With his recovery from a strained left hip having stalled, Dodgers infielder Juan Uribe is expected to visit a Los Angeles specialist Monday or Tuesday to determine whether he might be suffering from a more debilitating injury.
Two possibilities are a sports hernia or a strained abdominal muscle, Dodgers trainer Stan Conte said, though two previous MRIs did not reveal any strain.
"At some point, you need an explanation," Conte said. "We think he should be ready [to play] based on the timetable, but if you have the wrong timetable, then it explains some things."
Uribe has been sidelined since July 24, his second lengthy trip to the disabled list during a season in which he is hitting a career-low .204 with four home runs and 28 runs batted in.
Uribe declined to comment Saturday when approached at his clubhouse locker.
Conte said the treatment for a sports hernia would be the same as for a hip flexor: rest. If recovery is more prolonged than expected, non-career-threatening surgery would be an option.
Conte said he expected Uribe to be able to return this season. Uribe took batting practice and participated in some fielding drills before the Dodgers played the Houston Astros at Dodger Stadium.
Reliever Kenley Jansen is scheduled to stop taking blood thinners Thursday and could start a minor league rehabilitation assignment by Aug. 20, Conte said.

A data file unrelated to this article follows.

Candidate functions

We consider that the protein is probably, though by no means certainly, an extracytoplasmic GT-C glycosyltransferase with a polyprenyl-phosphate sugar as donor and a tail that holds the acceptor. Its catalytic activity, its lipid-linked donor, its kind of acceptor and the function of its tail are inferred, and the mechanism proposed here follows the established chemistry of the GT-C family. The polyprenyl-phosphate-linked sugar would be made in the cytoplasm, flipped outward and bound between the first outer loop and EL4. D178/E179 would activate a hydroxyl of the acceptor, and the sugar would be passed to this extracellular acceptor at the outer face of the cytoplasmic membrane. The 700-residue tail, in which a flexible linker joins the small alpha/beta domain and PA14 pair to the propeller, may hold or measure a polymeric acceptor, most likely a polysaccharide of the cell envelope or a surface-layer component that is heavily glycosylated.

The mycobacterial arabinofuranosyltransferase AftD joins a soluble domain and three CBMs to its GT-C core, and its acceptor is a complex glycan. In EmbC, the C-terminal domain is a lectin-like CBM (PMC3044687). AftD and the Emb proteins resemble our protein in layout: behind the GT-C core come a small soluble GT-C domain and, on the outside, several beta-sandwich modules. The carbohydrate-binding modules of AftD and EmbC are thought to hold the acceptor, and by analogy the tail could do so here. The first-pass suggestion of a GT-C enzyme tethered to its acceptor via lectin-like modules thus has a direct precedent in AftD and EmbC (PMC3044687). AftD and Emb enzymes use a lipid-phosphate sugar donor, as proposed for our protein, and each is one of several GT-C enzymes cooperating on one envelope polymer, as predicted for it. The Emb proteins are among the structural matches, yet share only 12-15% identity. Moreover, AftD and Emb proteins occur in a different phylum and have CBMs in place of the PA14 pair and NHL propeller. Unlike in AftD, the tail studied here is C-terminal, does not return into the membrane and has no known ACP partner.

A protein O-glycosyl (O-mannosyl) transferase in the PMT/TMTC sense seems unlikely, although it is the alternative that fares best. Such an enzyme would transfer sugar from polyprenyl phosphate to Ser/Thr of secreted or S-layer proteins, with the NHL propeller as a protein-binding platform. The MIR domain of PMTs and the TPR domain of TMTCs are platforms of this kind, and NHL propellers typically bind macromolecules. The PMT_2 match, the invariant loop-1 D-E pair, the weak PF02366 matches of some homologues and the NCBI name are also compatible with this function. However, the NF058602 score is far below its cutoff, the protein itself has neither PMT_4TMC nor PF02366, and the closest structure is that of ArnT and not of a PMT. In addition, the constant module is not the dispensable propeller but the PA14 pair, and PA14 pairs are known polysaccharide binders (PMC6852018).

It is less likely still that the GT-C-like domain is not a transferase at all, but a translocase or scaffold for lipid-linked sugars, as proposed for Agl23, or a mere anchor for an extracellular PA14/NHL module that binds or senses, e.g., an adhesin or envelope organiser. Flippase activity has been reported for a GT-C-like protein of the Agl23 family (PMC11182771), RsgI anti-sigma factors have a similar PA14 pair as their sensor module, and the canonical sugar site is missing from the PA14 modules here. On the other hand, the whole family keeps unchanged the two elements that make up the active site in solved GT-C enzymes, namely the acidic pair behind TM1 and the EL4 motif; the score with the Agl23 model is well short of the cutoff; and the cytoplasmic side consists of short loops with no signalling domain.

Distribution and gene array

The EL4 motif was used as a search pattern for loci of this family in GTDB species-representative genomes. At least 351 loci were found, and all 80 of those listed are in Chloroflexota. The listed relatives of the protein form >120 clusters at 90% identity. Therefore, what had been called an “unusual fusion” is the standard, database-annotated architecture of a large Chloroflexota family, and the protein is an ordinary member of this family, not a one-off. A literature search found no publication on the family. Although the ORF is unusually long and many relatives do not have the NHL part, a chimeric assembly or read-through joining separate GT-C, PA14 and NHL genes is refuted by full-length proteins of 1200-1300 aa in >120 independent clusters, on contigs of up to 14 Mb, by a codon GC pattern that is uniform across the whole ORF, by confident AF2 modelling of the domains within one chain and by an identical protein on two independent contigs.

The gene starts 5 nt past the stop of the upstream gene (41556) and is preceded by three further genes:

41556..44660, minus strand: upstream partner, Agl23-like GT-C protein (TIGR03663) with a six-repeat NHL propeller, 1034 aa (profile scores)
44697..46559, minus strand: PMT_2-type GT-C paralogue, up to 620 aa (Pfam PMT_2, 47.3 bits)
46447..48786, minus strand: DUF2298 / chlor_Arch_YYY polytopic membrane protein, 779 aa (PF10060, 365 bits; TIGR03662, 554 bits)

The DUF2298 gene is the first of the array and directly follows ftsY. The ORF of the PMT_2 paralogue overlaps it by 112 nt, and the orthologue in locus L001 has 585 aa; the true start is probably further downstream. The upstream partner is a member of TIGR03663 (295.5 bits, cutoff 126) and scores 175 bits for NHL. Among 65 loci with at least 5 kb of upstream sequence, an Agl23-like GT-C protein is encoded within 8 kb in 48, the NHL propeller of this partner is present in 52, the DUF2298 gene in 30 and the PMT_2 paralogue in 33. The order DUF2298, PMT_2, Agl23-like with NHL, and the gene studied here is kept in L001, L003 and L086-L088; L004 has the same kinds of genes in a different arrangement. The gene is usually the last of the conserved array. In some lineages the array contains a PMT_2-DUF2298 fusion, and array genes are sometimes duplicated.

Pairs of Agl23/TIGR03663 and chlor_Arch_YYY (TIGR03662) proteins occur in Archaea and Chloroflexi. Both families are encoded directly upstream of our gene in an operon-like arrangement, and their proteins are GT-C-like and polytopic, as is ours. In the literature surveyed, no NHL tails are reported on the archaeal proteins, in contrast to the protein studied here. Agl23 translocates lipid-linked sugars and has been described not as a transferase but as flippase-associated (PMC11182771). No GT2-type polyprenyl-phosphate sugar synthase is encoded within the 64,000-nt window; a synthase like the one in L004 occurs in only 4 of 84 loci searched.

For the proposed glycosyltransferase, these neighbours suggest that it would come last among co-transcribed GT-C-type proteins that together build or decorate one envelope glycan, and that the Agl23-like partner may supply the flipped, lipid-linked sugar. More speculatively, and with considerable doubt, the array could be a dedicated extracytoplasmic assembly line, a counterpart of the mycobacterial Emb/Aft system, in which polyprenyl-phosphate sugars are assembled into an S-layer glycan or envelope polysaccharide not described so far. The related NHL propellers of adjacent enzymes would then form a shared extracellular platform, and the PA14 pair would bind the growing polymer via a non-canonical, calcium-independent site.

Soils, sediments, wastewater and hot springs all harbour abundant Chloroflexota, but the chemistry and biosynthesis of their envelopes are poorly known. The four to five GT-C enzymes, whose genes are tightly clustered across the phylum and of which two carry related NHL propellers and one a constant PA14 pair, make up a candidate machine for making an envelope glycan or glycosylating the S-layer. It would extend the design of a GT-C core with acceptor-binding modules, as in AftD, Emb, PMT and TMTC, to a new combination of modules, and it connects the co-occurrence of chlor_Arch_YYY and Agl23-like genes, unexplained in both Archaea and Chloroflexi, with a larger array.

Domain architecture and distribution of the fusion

Jansen has to wait 48 hours after he quits taking the medication to allow the blood thinners to leave his system before he pitches. If the right-hander is struck by a baseball before then, he could bleed excessively.
Jansen started taking the medication July 28 to prevent a blood clot or a stroke after being hospitalized for an irregular heartbeat. He has been pitching in the bullpen with hitters standing next to the catcher but not swinging.
It was after 1 a.m. Saturday when cheers rang out in Josh Lindblom's hometown of Lafayette, Ind.
The Dodgers reliever had pitched a perfect 10th inning against Houston only a few minutes earlier. When Matt Kemp's walk-off single in the bottom of the inning gave Lindblom his first career major league victory, Lindblom's father-in-law commemorated the moment by taking pictures of the televised celebration.
The Dodgers presented Lindblom, 24, with the game ball, which he said would eventually occupy a special spot in his house.
"Any time you can get a win in the big leagues," Lindblom said, "not too many people have been able to do that."
Told that first-round draft pick Chris Reed was nervous when he pitched to him in the bullpen Friday, Dodgers Manager Don Mattingly said, "I was a little nervous too. [But] he did good; he didn't hit me." … Closer Javy Guerra will sign autographs at "Viva Los Dodgers Day" starting at 11:30 a.m. Sunday in Lot 6 of Dodger Stadium.